There may be a lot more to a good night’s sleep than simply having a subjective feeling of being well rested. Cell Press reported via EurekAlert on Sept. 29, 2015, sleep may strengthen long-term memories which are in the immune system. Scientists believe that sleep may strengthen immunological memories of pathogens which have been previously encountered.
Over a century ago scientists demonstrated that sleep nurtures the retention of memories of many facts and events. Further studies have shown that slow-wave sleep, which is often referred to as deep sleep, is vital for helping to transform fragile memories which were recently formed into stable long-term memories. Senior author of this study Jan Born of the University of Tuebingen says it has long been known that in the psychological domain sleep supports long-term memory formation. It is now believed that sleep is important for long-term memory formation in all organismic systems. This research has been published in the Sept. 29, edition of the journal Trends in Neurosciences.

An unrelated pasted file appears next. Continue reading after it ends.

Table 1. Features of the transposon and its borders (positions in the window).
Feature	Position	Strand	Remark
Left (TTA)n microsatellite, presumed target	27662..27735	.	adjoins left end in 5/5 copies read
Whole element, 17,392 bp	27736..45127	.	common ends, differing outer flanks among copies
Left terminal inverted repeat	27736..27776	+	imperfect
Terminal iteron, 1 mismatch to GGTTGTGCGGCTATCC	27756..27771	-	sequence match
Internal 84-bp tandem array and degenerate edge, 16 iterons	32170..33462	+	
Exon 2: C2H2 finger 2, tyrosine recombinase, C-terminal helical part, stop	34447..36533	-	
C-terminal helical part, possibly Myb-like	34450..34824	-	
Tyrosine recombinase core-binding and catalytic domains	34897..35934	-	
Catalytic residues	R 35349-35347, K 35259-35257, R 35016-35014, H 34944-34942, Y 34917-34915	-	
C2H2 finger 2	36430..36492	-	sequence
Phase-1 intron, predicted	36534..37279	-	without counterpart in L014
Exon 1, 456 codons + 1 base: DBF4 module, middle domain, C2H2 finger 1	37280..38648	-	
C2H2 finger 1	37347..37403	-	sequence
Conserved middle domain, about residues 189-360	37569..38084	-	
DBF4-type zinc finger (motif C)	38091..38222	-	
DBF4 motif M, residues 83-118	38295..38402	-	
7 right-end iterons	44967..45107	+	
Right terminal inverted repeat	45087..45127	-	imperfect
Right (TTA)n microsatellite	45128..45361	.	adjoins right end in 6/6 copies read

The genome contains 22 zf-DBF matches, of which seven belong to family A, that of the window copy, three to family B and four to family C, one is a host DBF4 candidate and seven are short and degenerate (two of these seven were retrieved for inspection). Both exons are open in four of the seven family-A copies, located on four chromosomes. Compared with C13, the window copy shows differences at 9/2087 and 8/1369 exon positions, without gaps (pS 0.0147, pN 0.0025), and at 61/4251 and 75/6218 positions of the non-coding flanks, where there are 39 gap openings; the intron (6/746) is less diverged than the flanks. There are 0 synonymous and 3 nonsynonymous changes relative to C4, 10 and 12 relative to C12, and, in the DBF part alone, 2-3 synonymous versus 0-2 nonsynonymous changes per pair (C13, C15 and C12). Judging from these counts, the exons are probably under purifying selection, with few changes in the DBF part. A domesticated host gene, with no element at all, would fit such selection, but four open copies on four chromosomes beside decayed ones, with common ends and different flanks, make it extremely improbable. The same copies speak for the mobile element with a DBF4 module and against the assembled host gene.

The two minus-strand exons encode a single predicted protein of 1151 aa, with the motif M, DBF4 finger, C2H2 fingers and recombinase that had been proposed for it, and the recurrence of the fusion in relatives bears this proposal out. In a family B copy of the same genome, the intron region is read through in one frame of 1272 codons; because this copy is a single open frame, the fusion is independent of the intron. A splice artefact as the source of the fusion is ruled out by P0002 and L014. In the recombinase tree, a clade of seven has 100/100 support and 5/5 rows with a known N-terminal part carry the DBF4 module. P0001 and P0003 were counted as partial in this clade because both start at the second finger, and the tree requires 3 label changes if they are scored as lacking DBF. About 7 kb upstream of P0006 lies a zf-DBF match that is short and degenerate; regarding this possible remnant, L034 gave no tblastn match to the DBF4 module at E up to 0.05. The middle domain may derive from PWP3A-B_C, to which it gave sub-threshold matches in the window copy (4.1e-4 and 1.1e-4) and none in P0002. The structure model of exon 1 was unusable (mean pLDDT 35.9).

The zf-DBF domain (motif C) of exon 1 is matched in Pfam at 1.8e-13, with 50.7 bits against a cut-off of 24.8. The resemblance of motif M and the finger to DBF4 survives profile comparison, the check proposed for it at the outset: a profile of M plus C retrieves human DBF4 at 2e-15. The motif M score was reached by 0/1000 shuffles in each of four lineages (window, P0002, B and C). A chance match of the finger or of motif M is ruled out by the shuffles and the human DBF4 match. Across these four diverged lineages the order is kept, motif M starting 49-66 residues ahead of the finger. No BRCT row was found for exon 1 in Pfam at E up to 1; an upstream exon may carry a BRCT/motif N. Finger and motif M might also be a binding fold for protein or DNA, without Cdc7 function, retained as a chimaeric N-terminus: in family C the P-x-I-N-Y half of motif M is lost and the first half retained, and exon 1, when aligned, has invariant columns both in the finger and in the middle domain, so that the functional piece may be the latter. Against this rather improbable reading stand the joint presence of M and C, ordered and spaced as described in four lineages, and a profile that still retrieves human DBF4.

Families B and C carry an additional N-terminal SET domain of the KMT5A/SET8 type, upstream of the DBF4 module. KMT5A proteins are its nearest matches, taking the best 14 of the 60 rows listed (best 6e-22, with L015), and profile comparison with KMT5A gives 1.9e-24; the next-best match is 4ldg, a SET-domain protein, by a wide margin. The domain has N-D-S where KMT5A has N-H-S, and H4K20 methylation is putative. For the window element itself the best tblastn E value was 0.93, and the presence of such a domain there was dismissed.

The immune system has been found to actually remember an encounter with a bacteria or virus via the collection of fragments from the bug which creates memory T cells. The memory of T cells can last for months or even years and helps the body with recognition of a previous infection so it can respond quickly. Studies in people have shown on the evenings after a vaccination increases in memory T cells are seen. These findings support the idea that slow-wave sleep contributes to the formation of long-term memories which enhance adaptive behavioral and immunological responses. What this means is that sleep deprivation could significantly undermine the well being of your mind and body.
Medical News Today reports that research has found that immunological memory is boosted by deep sleep. Scientists from the University of Tuebingen in Germany say they have discovered that deep sleep may strengthen both psychological and immunological memories. During the formation of psychological memory sleep has been found to be very important. The same seems to be true with immunological memory. Clearly sleeping well at night may benefit your well being in many very important ways.